Terri Lynch knows the workplace from all perspectives: employer, employee, vendor
and customer. Issues of obesity and "fat acceptance" play out in the workplace with
a cost in cold hard cash. Terri is ideally qualified to probe all angles of size
issues in the workplace.
This wondrous, magical time of year can add sparkle and warmth to our
lives. But for many people in the work world it can also add food-related
pressures. Most of us, to some extent, encounter norms and expectations
about what, and where, meals are to be eaten with the boss, clients or
customers, vendors, and colleagues and co-workers. These expectations
change with the season. Often, the holiday norm becomes — directly or
indirectly — eat more.
Some people are required to entertain clients in a certain style…
Janice, in her job as a manufacturer's rep, is required to make the
rounds of her top accounts and take the buyer someplace nice for lunch.
Each day, on the company's tab, starting on the first workday in December
and ending the day before Christmas, she will play hostess to a different
customer. This is her company's way of thanking their best customers for
their business during the year.
As Janice says "By the time I've finished wining and dining the last account
I can feel myself ready for the next size up wardrobe. On top of all that,
I still must attend the soup-to-nuts company party the weekend before
Christmas! I've gone through this every year for the past 18 years. I
love my job, and I'm in a six-figure income bracket so I don't want to give
it up. But realistically, I find it impossible to stick to any kind of healthy
food plan at this time."
Meanwhile, Bob, a senior level management consultant, struggles with the
expectations of his clients, many of whom hold office parties that he increasingly
looks forward to with dread. In his words, "Last year, within the space of a
week and a half I crammed in eleven client lunch and dinner parties. Although
partying with clients and eating holiday goodies are all part of the 'I'm there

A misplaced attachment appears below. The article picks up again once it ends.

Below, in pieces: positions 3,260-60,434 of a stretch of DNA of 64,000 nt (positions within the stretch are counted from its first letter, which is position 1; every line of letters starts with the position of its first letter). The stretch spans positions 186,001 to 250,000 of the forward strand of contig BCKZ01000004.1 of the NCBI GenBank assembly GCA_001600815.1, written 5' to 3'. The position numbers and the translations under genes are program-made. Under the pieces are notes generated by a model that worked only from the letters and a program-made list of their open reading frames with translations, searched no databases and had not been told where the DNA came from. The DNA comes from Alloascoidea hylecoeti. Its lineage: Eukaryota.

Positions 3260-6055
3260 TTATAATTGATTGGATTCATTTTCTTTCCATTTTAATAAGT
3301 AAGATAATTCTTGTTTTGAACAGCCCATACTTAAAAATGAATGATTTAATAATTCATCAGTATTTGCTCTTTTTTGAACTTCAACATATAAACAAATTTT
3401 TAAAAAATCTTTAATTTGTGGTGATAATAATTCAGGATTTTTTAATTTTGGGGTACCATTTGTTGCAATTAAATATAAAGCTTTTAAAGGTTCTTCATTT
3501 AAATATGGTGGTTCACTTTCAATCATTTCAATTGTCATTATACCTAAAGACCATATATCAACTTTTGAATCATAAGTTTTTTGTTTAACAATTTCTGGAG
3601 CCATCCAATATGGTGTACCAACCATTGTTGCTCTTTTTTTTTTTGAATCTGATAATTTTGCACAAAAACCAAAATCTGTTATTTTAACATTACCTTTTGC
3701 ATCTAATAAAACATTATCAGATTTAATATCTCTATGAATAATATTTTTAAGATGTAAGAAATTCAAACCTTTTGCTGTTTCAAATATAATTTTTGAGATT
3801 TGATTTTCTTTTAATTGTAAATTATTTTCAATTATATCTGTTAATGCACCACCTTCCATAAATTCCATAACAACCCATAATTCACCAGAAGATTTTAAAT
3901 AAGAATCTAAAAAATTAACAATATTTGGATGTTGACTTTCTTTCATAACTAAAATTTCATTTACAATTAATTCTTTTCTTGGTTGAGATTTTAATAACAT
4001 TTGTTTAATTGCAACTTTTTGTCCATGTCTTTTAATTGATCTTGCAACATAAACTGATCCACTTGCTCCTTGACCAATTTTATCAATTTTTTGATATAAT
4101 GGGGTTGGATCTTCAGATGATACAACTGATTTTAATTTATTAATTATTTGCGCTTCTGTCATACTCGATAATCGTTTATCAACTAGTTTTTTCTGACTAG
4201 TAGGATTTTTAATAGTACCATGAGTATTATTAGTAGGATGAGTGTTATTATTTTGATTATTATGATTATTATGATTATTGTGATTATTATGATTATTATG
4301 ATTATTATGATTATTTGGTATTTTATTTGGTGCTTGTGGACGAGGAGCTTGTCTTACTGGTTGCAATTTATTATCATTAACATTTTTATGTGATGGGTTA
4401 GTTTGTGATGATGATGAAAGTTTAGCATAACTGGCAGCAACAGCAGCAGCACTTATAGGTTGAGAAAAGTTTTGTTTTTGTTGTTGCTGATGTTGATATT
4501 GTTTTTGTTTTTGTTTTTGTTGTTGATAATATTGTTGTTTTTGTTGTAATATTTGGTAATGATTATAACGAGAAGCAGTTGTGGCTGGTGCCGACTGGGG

for you' feelings associated with the consulting tradition, it's hard not to
overeat and gain weight."
You don't need to step out of the office, like Janice and Bob, to run into these
food traps in December. Trouble can lurk even within the confines of the office
when food seems to pop up everywhere and co-workers turn into food pushers.
Katrina views the approach of December with apprehension, worrying how she'll deal
with a steady stream of goodies the women she works with generously bring to the
office. In her words, "It starts in the first week of December with the new
recipes that must be tested..."
"You absolutely have to taste these cookies I made!"
"What do you think of this fudge I made to ship to my son?"
"How would you rate this bread recipe? Does it contain enough cinnamon?"
"Aren't you going to try the dip I brought in?"
"By the time Christmas week arrives, I've sampled and graded candy and cookie
recipes, tarts and appetizers, and breads of various kinds. Last year, there was
even a rich, creamy soup."
Sometimes, outsiders bring goodies to the workplace as an expression of
appreciation... or perhaps a bit of a bribe.
Dan teaches 5th grade in a Midwestern farming community, where there are a lot
of stay-at-home moms who take pride in setting a hearty table. Says Dan, "I
think many of my students' moms see me as a single male who's deprived of
home-baked treats and gooey little confections. The day before Christmas, kid
after kid approaches my desk with tins of goodies, and homemade breads and jams.
I even see an occasional pie. I know better than to haul it all home, so after
leaving school for the day I make my way to a few friends' homes to unload some
of the loot. Some of the remainder gets eaten (by me) and the rest gets tossed
in the trash."
Jeff, a male nurse, is in a similar situation. Families of his patients
somehow think their loved ones will get better care if they ply the nurses
with food. During the holidays this is magnified. "Family members come in
bearing boxes of treats; everything from chocolates to pizza. The cheesecakes
and coffee cakes are always a big hit," says Jeff. "Even in this environment
where everybody knows better, nothing goes to waste."
Then there are cases where no human push is needed. The work environment
itself is a food pusher.
Every December, Pauline takes a second job working for a local candy company
that makes exquisite truffles which it sells in regional upscale chocolate stores.
All day long she is surrounded by mouth-watering and sumptuous temptations which
she packs in elegant gold foil boxes. During the packing process, if something
should become broken or damaged in any way, those pieces are put aside for the
staff to enjoy, free. Pauline admittedly can't stop herself from indulging in
this "little bit of luxury" when she has the chance; otherwise she'd never get
this treat — she couldn't afford it on what she gets paid.
The situations just described would be hard for many to comprehend, especially
those who work from home. But they are problems — sometimes quite serious — for
the people who experience them while trying to control their weight. In the next
issue, we'll look at some strategies for handling them.
Copyright © December 2003 Terri Lynch and Low Carb Luxury